The SYM-1 was a SBC, built by Synertek from around 1979 when it started to become popular, and while the name does not roll off the tongue of people who become nostalgic about computers of this era, due to the quality of its design and build, it was a remarkably influential system. It, and its older brother, the KIM-1 from MOS Technology, attracted many very competent developers in the hacker community (well, even the Hollywood word NERD had just been invented by then, and of course, with 20-20 hindsight we can recognise these were genuine 100% Hackers at the time) who went on over time to develop a number of disk operating systems to free the SYM-1 from its native Audio Cassette interface.
The SYM-1 had a high-speed cassette interface and was quite reliable (well, as good as any cassette recorder could be, eg good brands such as Hitachi, were very reliable), but lacked the speed and indexed directory access of disc drives. Going over the literature around this time looking for clues on how to expand my SYM-1 board to this level of convenience, the articles are firmly set in the boundary where 8inch Floppy drives were being upstaged by 5.25inch Floppy drives. (Wikipedia: History of Floppy Drives) Having two floppy drives, one for system files and the other for data files was very fashionable. IDE Hard Drives with capacities around the 20-30Mbyte were also becoming available but were out of the price range for most hackers of the day. Never the less, the trend was becoming obvious. Full height Shugart SA800s would have to give way to the Shugart SA-400, and later, low profile half-height, double sided systems, such as made by Mitsubishi etc would ascend, and finally the 3.5inch rigid case, but floppy medium, would claim supremacy. However even back in 1980, it was easy to see the capacity plus speed of hard drives would win in the end.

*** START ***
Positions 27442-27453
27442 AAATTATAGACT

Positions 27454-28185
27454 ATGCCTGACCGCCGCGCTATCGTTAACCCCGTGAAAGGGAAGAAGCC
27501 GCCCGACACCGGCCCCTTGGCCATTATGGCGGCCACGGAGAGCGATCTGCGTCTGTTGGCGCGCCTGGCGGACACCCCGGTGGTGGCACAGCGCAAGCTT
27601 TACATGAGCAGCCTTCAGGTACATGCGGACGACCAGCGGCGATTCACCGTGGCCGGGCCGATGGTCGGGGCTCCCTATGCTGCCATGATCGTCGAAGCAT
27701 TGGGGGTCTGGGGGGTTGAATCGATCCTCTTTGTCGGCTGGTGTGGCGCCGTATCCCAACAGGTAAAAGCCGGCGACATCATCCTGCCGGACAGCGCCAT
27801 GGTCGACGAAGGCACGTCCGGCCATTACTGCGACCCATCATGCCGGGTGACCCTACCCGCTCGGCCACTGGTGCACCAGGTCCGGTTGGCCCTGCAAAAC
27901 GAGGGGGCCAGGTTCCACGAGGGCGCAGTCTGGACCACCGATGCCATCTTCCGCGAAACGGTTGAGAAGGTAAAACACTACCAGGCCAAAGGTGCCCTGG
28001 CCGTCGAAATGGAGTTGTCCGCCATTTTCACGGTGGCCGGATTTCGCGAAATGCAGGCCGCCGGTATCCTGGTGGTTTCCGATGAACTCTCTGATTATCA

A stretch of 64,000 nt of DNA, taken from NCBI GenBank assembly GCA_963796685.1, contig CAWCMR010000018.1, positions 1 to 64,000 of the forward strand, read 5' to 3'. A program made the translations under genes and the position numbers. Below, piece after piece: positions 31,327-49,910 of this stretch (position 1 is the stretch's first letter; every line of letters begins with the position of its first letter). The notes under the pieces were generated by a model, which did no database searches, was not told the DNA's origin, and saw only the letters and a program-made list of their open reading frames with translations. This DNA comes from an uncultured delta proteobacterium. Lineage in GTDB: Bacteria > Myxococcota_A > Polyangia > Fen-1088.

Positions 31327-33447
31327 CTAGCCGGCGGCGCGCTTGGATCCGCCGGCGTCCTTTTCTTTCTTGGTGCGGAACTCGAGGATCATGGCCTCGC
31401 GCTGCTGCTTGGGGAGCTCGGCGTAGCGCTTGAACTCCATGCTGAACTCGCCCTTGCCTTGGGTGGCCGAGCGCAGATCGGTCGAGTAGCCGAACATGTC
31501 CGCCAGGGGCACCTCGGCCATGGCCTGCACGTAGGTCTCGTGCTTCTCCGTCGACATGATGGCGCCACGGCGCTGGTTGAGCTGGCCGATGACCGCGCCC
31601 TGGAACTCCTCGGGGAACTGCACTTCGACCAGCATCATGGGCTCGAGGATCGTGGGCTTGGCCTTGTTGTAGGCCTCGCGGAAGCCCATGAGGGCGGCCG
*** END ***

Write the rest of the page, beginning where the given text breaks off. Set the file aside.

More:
So there are a couple of designs for IDE interfaces and DFSs for the SYM-1 and I have bought an IDE to SD-Card interface to maybe try to get one working. But for the moment the thought of recreating a full IDE interface was too daunting and not really meeting my aim to dabble back in the world of assembly language and bits/bytes at hard metal level.